1. Not finding help here? Sign up for a free 30min tutor trial with Chegg Tutors
    Dismiss Notice
Dismiss Notice
Join Physics Forums Today!
The friendliest, high quality science and math community on the planet! Everyone who loves science is here!

If f is continuous at c and f(c)>1

  1. Mar 20, 2009 #1
    1. The problem statement, all variables and given/known data

    Hi everyone, this is probably an easy question but I'm having trouble on the wording of the proof.

    Let f be continuous at x=c and f(c) > 1

    Show that there exists an r > 0 such that [tex]\forall x \in B(c,r) \bigcap D : f(x) > 1[/tex]

    2. Relevant equations

    [tex]\forall \epsilon > 0, \exists r > 0, \forall x \in B(c,r) \bigcap D \Rightarrow |f(x) - f(c)| < \epsilon [/tex]

    f(c) > 1

    3. The attempt at a solution

    I'd put something here but I don't really have any attempts. I originally thought of using the limit rule that lim f(x) = f(c) but that doesn't work since c could be an isolated point.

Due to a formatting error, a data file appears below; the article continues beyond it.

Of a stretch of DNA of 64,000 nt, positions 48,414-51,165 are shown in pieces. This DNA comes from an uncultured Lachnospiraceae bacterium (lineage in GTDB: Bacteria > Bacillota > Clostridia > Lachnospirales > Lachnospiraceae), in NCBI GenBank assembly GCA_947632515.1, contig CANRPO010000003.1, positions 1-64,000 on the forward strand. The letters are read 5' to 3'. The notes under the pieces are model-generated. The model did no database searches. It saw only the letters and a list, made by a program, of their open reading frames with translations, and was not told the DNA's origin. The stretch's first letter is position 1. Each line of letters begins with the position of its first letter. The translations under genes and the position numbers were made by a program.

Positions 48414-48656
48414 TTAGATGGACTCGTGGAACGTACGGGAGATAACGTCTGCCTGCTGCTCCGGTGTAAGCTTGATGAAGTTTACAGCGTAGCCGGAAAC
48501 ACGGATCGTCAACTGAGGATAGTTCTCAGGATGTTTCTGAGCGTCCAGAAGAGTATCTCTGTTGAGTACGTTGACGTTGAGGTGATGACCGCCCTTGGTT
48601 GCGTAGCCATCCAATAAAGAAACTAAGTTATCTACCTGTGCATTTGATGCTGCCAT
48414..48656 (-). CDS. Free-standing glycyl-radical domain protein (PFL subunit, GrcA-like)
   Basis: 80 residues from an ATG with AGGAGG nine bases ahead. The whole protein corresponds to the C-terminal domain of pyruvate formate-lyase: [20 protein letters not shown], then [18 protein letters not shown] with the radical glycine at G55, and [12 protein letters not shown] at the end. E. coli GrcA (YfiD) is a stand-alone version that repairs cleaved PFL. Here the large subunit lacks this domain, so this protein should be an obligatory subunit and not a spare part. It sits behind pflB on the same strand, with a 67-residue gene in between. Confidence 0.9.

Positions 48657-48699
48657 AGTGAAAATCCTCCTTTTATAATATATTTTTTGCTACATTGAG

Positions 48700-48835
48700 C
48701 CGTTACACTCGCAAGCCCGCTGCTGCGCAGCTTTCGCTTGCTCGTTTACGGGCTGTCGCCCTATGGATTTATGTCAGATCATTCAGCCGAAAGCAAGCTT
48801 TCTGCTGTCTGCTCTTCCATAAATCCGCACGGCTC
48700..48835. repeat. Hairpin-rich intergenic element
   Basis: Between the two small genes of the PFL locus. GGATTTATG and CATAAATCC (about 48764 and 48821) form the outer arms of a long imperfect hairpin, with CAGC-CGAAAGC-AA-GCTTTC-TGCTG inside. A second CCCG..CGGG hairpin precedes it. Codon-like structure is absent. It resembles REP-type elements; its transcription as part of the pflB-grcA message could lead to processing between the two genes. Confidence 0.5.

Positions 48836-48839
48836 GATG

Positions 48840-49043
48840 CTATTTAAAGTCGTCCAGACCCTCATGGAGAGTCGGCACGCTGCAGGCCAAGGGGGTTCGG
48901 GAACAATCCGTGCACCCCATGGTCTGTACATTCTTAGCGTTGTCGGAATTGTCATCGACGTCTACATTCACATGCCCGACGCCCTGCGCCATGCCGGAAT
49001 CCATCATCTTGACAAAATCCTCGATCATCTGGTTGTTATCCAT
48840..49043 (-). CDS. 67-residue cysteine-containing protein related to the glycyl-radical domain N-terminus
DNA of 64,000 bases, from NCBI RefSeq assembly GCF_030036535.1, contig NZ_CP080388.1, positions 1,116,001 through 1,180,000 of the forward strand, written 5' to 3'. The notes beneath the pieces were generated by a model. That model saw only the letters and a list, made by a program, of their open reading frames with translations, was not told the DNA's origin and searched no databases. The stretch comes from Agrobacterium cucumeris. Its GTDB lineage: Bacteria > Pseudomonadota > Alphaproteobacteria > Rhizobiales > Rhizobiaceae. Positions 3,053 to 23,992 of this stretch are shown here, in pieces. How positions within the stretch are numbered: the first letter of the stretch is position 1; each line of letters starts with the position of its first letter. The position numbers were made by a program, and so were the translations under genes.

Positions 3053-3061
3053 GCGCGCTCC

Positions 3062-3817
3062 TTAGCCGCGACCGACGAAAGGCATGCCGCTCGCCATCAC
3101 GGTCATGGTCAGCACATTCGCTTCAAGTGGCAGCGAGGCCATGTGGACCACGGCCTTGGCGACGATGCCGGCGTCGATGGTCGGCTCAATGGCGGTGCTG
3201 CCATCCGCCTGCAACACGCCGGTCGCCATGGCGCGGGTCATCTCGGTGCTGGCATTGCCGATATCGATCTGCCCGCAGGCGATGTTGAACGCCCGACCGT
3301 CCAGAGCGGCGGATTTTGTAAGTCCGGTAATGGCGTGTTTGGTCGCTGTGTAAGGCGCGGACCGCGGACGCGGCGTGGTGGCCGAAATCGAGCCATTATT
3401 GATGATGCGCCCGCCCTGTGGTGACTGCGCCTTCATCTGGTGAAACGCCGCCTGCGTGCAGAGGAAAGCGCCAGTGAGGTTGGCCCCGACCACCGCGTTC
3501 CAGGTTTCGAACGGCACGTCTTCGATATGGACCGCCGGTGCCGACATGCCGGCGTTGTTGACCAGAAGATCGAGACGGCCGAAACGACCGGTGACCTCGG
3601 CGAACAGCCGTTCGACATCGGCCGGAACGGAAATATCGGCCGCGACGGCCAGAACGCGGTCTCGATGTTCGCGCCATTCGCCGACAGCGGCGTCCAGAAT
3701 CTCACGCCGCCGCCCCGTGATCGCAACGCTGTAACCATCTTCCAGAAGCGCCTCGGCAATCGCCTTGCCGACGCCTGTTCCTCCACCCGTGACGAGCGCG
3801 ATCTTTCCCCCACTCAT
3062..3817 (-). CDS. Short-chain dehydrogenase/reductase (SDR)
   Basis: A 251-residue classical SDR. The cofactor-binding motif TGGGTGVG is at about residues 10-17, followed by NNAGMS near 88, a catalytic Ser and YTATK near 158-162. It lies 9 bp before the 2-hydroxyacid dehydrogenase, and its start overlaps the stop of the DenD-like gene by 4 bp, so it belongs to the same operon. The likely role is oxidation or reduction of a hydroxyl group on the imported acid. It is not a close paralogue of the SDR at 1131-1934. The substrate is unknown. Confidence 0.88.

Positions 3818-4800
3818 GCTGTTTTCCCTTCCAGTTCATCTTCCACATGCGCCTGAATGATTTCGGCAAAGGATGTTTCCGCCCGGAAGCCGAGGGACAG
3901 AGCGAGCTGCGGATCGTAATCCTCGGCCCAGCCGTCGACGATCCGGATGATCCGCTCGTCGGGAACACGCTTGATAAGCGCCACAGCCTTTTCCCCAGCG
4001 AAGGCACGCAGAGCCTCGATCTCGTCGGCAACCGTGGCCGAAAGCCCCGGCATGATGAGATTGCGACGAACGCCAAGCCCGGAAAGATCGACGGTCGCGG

If I used a graph it just seems so obvious, but I have to use words to prove it. I tried also to use a contradiction, but using just what I put down in (2) didn't lead to any direct contradiction that I could see.

    A nudge in the right direction would be helpful.
     
  2. jcsd
  3. Mar 20, 2009 #2

    matt grime

    User Avatar
    Science Advisor
    Homework Helper

    If in doubt try an example.

    Let's say for the sake of argument that f(c)=2. What choice of epsilon, and r, from 2. above will mean that f(x) > 1 in the ball around c?
     
  4. Mar 20, 2009 #3

    MathematicalPhysicist

    User Avatar
    Gold Member

    -e<f(x)-f(c)<e
    f(x)>f(c)-e
    f(c)=1+h^2 for some h real, do you understand how to pick e such that f(x)>1.
     
  5. Mar 20, 2009 #4
    by this reasoning couldn't I just claim that f(c) = 1 + e?
     
  6. Mar 20, 2009 #5

    matt grime

    User Avatar
    Science Advisor
    Homework Helper

    Yes, you can do that.
     
Know someone interested in this topic? Share this thread via Reddit, Google+, Twitter, or Facebook